Dr. Susi Ari Kristina of the UGM Faculty of Pharmacy was officially welcomed to her position as a professor of pharmacy management and community pharmacy on Tuesday, September 26, 2023.
In her inauguration speech titled “Integration of Pharmacists in the Healthcare System Through Promotive and Preventive Roles,” she highlighted the rapid development of the pharmacist’s role.
In addition to product development and drug and vaccine distribution, pharmacists now play a much larger role in patient-oriented functions such as pharmacotherapy, prevention, and health promotion.
“Over 30,000 pharmacists work in pharmacies, with approximately 62,000 staff members in this sector. Pharmacies are the only healthcare facilities located in the midst of communities and easily accessible,” explained Professor Kristina, who was born in Pati, Central Java, on June 25, 1981.
Recognizing the significance of the pharmacist’s role, the government has included integrating pharmacists’ roles in the National Health Insurance (JKN) through three scenarios.
The first scenario involves the role of pharmacists in the referral back program (PRB). This service applies to chronic diseases such as hypertension, diabetes, heart failure, chronic obstructive pulmonary disease (COPD), stroke, asthma, epilepsy, schizophrenia, and lupus.
Pharmacies serving as PRB drug providers provide services and monitor the use of PRB participant drugs. However, according to a study conducted by Hermansyah et al. in 2020, only 9% of pharmacists in pharmacies currently participate in this program, while the rest (91%) still practice independently.
Therefore, efforts should be made to increase the coverage/number of pharmacies participating in PRB so that the main objectives of this program can be achieved more quickly.
The second scenario involves optimizing pharmaceutical service standards by pharmacists at community health centers, accommodating collaboration with all healthcare workers.
Pharmacists at community health centers can provide home visit services to improve compliance and drug therapy monitoring. However, this service is yet to be optimal due to various field constraints.
The third scenario involves pharmacists participating in the GeMa CerMat program, a rational drug use campaign program encapsulated in the slogan “DAGUSIBU.”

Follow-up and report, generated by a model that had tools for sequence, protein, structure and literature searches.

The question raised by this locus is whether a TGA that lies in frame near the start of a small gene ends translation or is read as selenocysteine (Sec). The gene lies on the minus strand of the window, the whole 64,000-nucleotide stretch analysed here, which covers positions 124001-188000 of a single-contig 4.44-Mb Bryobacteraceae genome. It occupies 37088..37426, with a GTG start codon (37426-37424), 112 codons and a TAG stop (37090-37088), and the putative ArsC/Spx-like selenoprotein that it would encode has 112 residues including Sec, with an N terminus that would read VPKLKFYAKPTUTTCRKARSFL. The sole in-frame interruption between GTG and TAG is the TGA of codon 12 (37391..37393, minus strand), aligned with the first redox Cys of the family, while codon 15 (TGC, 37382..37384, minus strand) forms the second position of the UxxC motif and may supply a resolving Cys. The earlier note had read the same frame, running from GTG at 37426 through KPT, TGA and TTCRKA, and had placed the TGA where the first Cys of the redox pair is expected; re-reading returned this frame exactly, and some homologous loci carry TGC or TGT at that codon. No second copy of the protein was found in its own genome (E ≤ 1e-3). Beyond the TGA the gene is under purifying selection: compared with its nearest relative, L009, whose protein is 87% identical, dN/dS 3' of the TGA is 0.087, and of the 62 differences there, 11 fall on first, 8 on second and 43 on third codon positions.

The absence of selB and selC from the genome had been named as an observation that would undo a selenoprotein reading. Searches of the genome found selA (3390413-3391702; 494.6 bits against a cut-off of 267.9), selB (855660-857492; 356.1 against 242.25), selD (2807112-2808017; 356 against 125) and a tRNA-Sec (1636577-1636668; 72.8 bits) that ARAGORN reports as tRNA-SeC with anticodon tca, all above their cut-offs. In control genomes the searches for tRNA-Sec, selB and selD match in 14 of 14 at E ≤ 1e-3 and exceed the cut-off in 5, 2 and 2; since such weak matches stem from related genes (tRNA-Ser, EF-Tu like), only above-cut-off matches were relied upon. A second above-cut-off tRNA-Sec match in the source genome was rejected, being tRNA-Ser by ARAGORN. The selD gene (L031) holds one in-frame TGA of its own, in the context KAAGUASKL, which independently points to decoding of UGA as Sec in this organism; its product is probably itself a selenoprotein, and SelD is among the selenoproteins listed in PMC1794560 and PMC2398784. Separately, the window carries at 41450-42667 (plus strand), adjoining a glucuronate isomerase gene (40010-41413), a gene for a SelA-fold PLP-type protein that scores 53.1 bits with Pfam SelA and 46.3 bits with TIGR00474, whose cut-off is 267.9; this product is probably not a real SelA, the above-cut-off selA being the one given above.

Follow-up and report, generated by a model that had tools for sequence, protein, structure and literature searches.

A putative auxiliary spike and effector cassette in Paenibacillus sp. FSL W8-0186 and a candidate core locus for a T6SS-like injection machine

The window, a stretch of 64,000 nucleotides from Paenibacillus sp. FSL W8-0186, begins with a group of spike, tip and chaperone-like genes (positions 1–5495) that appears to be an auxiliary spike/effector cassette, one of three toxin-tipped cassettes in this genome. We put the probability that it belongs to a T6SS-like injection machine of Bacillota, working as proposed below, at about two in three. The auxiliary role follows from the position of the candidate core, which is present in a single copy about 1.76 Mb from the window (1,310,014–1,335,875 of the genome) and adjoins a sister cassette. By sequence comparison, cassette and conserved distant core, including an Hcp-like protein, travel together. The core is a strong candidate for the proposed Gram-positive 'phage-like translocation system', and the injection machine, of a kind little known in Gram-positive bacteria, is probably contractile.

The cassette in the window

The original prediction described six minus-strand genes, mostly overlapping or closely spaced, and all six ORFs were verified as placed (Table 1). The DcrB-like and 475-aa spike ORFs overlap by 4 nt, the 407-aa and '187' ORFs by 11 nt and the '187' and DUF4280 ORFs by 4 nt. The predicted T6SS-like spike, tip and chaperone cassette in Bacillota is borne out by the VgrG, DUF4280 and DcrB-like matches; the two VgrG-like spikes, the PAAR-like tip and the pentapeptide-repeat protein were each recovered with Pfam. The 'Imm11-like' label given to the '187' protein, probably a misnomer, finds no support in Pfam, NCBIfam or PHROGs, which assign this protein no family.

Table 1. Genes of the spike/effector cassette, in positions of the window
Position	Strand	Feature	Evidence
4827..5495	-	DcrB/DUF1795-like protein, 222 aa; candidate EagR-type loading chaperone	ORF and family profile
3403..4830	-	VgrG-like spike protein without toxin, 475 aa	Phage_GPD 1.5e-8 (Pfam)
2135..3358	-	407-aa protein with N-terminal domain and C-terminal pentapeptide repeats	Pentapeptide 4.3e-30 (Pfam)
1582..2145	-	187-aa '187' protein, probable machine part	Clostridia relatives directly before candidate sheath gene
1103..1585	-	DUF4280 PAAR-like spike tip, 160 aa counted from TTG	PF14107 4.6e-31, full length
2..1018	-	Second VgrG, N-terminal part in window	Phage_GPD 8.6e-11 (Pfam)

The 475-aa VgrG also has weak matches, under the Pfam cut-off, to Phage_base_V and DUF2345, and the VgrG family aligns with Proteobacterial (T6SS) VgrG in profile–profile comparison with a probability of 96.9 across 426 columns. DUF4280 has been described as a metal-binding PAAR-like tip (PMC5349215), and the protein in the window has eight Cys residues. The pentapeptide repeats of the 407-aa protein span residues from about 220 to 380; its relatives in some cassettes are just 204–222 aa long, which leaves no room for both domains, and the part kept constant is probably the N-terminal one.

Community pharmacists actively participate in this program through public education in schools, community forums, or public spaces. The program’s financing is a joint effort between the Ministry of Health and provincial health offices.
Professor Kristina outlined several challenges that hinder the implementation of pharmaceutical services in primary healthcare facilities in Indonesia, which need to be identified and addressed in the future. These challenges range from the macro, meso, and micro levels.
Challenges at the macro level include legal foundations, legislation, and limitations in healthcare budget allocation within our national healthcare system. This also includes support from health authorities and investment support to ensure national drug availability.
Challenges at the meso level include the organizational culture within the community pharmacy scope, where pharmaceutical services have not kept up with evolving needs and dynamic environments.
It also entails integrating pharmaceutical information systems for management and pharmaceutical services and incorporating pharmaceutical technology into healthcare services.
The final microlevel difficulty is improving pharmacists’ expertise. Few pharmacists offer direct patient services or communication, preferring to work behind the scenes.
“Therefore, joint efforts are needed from the government as a regulator, the Indonesian Pharmacists Association as a guide, relevant stakeholders, and pharmacists to synergize and maximize the role of pharmacists in the promotive and preventive aspects,” she concluded.